The Middle Ages was no time to start a rave—but that didn’t stop Frau Troffea. On July 14, 1518, she stepped onto the streets of Strasbourg, France, and, although there was no music playing, began to boogie uncontrollably. Troffea danced for three straight days, and by the time she was tied up and hauled away, more than 30 other people had joined in. Within a month, 100 people were frantically jigging—and none of them could stop.
This was no ordinary dance party. Hyperventilating and hallucinating, most of the dancers seemed to be totally unconscious. Seldom able to stop for food or rest, some literally danced until they dropped dead of heart attack, stroke, or exhaustion. Local physicians ruled out supernatural causes, blaming the “dancing plague” on “hot blood.” They also decided that the best course of action was to encourage the delirium to be danced out. Authorities erected a stage and hired musicians, but the plan backfired: It just encouraged more people to dance.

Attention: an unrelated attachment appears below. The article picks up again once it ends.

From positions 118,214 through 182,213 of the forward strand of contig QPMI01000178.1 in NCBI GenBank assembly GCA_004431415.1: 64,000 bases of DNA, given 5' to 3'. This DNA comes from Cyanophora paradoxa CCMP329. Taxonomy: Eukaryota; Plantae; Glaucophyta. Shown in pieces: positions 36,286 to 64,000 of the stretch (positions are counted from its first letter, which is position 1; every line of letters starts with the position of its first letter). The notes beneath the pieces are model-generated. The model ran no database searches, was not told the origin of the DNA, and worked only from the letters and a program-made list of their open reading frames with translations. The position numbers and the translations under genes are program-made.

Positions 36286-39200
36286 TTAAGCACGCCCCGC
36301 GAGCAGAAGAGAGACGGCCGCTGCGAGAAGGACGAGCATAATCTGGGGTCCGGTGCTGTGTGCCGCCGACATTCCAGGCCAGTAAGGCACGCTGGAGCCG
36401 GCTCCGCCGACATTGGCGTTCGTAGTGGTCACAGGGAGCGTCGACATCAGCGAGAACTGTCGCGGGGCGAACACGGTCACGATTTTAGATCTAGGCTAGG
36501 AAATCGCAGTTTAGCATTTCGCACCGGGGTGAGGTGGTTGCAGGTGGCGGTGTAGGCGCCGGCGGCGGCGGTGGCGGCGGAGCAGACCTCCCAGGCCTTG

This wasn’t the first time a European village had been plagued by “dancing mania.” The first outbreak had occurred in the seventh century, and cases sporadically struck every few decades. No country was immune: Italy, France, Holland, and Germany all suffered. The Strasbourg plague, however, was the worst. It struck 400 people and lasted until September, when it suddenly stopped as mysteriously as it began.
The cause of these dancing plagues? Some blame ergot, a poisonous mold found on damp rye that’s related to LSD. Others accuse Sydenham’s chorea, a disorder linked to strep throat and rheumatic fever that causes fluid, dance-like twitches. Medical historian John Waller makes a more psychological diagnosis: stress-induced mass psychosis. Sixteenth-century Europe was not a great time to be alive: The Black Death loomed large, smallpox and syphilis were raging, and famine was everywhere. All the ingredients for mass hysteria were there, just waiting for someone to snap.